What does this mean for fossil fuels?

From setting a carbon budget we can work backwards to figure out how much coal, oil and gas can be extracted and burned.

An initial study in 2013 by the Carbon Tracker and Grantham Institute 2013 compared the known global fossil fuel reserves (coal, oil and gas) with the carbon budget. They estimated that if all of the world’s indicated reserves of fossil fuels were burned, 2,860 billion tonnes of CO2 would be emitted to the atmosphere. This is more than 2.5 times greater than the allowed budget for a toss-of-the-coin chance of succeeding.

Recently, Christophe McGlade and Paul Ekins at University College London examined further the implications of the carbon budget for the use of fossil fuels. They used an economic optimisation method: how to gain the most economic value from the limited amount of coal, oil and gas that can be burned, and in what regions.

This analysis, again based on just a 50:50 chance of preventing a 2C rise in global temperature, estimates that 88% of global coal reserves, 52% of gas reserves and 35% of oil reserves are unburnable and must be left in the ground.

Put simply, tackling climate change requires that most of the world’s fossil fuels be left in the ground, unburned.

Australia’s beached coal whales

According to the study mentioned above, for Australia to play its role in preventing a 2C rise in temperature requires more than 90% of our coal reserves to be left in the ground unburned.

Australia’s coal resources, including the vast, untapped areas of the Galilee Basin in inland Queensland.Geoscience Australia, CC BY

Energy policies that continue to support substantial fossil fuel use are inconsistent with tackling climate change. A case in point is the proposed coal expansion in the Galilee Basin, which is not viable economically if the carbon budget is respected. The Galilee coal is lower quality and high cost to extract, meaning under a carbon budget limiting warming to 2C other reserves would be more viable, leaving other assets stranded like beached whales.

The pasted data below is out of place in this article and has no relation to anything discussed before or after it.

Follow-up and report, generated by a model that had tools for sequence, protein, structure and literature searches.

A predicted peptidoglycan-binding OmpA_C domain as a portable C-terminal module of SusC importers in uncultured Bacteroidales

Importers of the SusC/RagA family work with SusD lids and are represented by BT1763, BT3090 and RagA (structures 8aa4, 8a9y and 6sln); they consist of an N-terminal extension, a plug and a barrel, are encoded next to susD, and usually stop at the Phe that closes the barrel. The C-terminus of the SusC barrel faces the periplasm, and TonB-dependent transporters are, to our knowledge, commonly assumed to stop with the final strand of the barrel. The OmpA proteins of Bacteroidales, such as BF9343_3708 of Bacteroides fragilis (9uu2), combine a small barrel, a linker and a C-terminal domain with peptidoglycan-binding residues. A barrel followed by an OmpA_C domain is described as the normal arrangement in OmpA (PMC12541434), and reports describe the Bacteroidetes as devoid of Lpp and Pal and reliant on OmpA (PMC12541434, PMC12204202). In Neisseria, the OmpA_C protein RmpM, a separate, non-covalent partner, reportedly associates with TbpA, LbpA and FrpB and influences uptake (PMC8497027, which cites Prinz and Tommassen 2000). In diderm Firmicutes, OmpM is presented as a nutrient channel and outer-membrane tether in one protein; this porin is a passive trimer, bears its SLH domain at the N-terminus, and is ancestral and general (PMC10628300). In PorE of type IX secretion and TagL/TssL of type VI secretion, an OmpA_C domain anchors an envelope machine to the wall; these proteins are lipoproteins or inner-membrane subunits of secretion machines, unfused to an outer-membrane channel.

But there is hope. Limiting global warming to no more than 2C – a goal Australia shares with 194 other countries – can open up opportunities for the Australian economy to prosper.

For example, many of Australia’s coal-fired power plants are inefficient and nearing the end of their lifetimes, while concurrently the costs of renewable energy technologies such as rooftop solar and wind continue to fall. Work by ClimateWorks Australia and ANU shows Australia can decarbonise the economy with little or no cost through energy efficiency, low-carbon electricity (renewables, nuclear and carbon capture and storage), and electrification and fuel switching (from petrol to electricity or biofuel).

With the carbon budget rapidly running out, it is urgent that global emissions begin to track downward in the next few years. Ultimately, most of the world’s fossil fuels must be left in the ground, unburned.

The Conversation

This article was originally published on The Conversation. Read the original article.

By Professor Will Steffen & Martin Rice